When the Prime Minister first told the nation to stay at home on March 23rd 2020, who could have imagined that one year on we would still be living with restrictions in place. It has been an incredibly difficult and anxious time for us all and our thoughts are particularly with anyone who has lost a family member or friend. Children have suffered major disruption to their education, been isolated from friends and for families and carers, the pressures of home schooling, job insecurity and financial hardship has added to the stress.
Chance UK has had to adapt at speed and come together (remotely) to keep our front line services going and make the best of the opportunities on offer through adversity and significant financial pressures. As we approach the anniversary of the first lockdown, it seems like a good time to reflect on a year of change and challenge. here are three of the biggest lessons I’ve taken from this year:
Reminding ourselves of the reason we are here
One thing that has kept me going through the tougher times has been remembering the mission of Chance UK. Never before, in our 25-year history has our role in supporting children and families been more important. Whilst the full impact of the pandemic on children’s mental health has yet to be seen, The Royal College of Psychiatrists reports that an additional 1.5 million children are thought to need new or additional mental health support as a result of the pandemic. The Children’s Commissioner has warned that the damage to children’s mental health caused by the crisis could last years and research has shown primary school aged children are experiencing increased emotional and behavioural difficulties during this time. We’ve got a role to play in supporting during the difficult times as well as the build back and we want to play it to its full.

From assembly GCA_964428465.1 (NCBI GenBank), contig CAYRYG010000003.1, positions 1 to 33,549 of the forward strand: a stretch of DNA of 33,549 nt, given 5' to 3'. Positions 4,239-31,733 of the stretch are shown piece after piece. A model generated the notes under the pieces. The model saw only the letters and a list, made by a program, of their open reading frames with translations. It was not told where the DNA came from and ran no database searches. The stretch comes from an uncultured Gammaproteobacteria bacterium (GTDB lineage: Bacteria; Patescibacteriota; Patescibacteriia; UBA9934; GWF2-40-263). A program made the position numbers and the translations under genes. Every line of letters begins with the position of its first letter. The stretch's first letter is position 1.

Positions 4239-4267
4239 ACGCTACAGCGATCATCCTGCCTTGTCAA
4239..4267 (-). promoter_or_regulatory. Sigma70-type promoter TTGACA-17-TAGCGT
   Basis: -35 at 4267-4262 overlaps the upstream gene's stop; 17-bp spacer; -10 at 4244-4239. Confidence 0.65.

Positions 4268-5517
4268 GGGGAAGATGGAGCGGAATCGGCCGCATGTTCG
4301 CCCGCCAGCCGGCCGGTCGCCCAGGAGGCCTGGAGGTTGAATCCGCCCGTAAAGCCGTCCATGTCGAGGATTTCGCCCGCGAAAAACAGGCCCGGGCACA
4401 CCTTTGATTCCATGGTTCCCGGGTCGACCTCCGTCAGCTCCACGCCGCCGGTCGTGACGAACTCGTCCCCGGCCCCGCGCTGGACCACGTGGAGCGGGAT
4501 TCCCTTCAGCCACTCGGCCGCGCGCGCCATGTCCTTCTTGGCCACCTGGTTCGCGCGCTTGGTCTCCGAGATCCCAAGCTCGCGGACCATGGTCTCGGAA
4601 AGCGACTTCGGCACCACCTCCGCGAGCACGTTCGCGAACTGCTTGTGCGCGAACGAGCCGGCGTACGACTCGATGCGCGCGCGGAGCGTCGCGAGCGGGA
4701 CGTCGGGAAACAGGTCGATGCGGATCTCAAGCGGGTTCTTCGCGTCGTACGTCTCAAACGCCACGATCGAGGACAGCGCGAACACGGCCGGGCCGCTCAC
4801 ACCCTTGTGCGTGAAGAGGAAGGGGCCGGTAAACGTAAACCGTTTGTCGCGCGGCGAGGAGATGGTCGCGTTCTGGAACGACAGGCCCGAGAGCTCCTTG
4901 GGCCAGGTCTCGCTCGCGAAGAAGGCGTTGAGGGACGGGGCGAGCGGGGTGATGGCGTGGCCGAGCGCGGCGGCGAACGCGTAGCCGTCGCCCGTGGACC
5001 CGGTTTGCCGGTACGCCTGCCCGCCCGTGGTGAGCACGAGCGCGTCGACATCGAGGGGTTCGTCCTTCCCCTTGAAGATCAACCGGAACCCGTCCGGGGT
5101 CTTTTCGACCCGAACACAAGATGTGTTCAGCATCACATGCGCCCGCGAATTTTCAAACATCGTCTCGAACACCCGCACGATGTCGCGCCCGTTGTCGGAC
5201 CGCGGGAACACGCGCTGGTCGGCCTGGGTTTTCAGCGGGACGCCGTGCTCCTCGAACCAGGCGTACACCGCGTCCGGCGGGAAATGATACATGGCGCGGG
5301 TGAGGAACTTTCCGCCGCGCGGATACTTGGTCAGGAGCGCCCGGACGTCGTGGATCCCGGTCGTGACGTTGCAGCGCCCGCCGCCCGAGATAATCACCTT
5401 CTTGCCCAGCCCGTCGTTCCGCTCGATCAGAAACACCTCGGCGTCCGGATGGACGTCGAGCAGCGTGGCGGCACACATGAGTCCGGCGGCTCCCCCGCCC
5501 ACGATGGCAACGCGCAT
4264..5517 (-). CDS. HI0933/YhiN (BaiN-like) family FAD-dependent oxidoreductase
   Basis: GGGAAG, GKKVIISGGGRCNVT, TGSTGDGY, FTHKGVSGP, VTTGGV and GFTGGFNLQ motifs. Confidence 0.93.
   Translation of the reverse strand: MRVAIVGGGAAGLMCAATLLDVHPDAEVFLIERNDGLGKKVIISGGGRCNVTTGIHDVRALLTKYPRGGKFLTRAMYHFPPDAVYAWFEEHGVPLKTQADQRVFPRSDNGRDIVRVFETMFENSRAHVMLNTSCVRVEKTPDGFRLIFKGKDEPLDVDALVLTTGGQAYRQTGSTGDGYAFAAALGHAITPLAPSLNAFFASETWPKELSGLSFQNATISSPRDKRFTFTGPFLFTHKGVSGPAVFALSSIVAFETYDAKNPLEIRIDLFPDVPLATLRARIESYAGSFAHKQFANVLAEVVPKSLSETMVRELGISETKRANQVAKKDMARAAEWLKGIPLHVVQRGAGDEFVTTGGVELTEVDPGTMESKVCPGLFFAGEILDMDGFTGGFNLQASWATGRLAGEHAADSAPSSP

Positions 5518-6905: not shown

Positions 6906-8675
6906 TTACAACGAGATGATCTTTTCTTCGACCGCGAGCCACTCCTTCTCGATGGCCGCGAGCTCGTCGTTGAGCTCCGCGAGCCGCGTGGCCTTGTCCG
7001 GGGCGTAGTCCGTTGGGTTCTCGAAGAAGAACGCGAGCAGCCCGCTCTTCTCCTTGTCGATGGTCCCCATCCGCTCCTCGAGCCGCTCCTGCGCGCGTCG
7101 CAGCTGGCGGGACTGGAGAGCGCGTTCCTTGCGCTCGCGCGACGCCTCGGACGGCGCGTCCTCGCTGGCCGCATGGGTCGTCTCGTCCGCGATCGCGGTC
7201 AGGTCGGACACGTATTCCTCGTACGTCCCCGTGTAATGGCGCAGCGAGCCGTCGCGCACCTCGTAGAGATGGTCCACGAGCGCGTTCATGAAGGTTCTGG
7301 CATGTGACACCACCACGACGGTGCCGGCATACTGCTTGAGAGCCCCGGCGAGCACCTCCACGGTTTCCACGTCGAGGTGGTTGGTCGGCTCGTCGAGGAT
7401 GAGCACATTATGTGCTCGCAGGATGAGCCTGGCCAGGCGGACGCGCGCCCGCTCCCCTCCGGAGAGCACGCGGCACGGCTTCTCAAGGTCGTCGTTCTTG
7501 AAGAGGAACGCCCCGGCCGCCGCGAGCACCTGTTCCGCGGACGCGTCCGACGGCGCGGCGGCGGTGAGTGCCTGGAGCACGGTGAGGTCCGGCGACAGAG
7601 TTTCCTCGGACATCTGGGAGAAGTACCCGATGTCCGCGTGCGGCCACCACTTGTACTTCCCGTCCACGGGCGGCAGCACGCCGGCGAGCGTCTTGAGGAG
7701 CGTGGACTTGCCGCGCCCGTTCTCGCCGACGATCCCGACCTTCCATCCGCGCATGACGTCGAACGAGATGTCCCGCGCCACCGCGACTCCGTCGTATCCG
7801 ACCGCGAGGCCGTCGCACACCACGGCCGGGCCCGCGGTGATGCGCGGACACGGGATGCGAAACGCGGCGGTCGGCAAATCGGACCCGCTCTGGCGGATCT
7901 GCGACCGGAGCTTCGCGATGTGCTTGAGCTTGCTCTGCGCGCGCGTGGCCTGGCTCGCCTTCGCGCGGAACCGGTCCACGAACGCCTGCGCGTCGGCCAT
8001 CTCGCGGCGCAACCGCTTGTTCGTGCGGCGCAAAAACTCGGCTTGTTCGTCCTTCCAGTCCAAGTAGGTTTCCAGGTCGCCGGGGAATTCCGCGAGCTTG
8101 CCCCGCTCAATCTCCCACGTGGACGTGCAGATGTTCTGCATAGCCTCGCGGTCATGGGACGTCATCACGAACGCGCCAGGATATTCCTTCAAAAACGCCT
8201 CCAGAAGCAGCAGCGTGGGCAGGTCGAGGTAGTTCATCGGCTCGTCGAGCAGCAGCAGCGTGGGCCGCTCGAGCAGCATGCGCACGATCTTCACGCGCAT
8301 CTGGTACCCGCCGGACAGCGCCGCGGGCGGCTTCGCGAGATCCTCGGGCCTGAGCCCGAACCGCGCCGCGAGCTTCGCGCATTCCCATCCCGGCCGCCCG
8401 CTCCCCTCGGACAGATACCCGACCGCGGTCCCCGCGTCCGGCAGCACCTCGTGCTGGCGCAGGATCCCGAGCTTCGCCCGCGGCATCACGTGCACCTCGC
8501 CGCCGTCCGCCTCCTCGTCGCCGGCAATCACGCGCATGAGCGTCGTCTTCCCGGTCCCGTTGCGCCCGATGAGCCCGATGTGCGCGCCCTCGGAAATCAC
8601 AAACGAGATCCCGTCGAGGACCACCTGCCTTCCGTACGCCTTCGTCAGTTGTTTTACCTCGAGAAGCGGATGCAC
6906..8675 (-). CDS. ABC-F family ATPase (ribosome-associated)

Nurture the qualities of adaptability and resilience in ourselves and others
This year has reinforced the importance of adaptability and resilience. Chance UK has transformed services in response to government guidance and launched new services to provide the support that families need now rather than working in the ways we always have. We weren’t early adopters of digital working, but find ourselves increasingly confident and comfortable in this space. Staff, Mentors and youth workers have risen to the challenge – finding fun, engaging activities which work online and being a safe, consistent presence for children during a time when so much has changed.
We’ve continued to deliver our services whilst we have been worried about ourselves and others, with children at home and all the sadness, anxiety and isolation that this year has brought. We’ve had to nurture our own resilience as individuals, alongside those we are working with. It’s not going to be a straightforward journey out of lockdown and we will need to continue to practice this in the coming months.
Let’s learn to do better.
Whilst no one’s life has been untouched by the events of the last year, the impacts of the pandemic have not been evenly spread – with higher death rates within Black, Asian and Minority Ethnic Communities and estimates that the negative impacts of school closure are over 50 per cent larger for children from disadvantaged backgrounds. These alongside the murder of George Floyd and the debates which followed were all stark reminders that we shouldn’t be aiming to “return to normal” as soon as we can but rather to do better. That’s true for us as an organisation too – and has been a key question we have been asking ourselves throughout the year and as we put together our new organisational strategy. What do we need to do better and how can we achieve this?
It’s been a tough year and we need to acknowledge quite how tough its been – but let’s not forget how far we’ve come.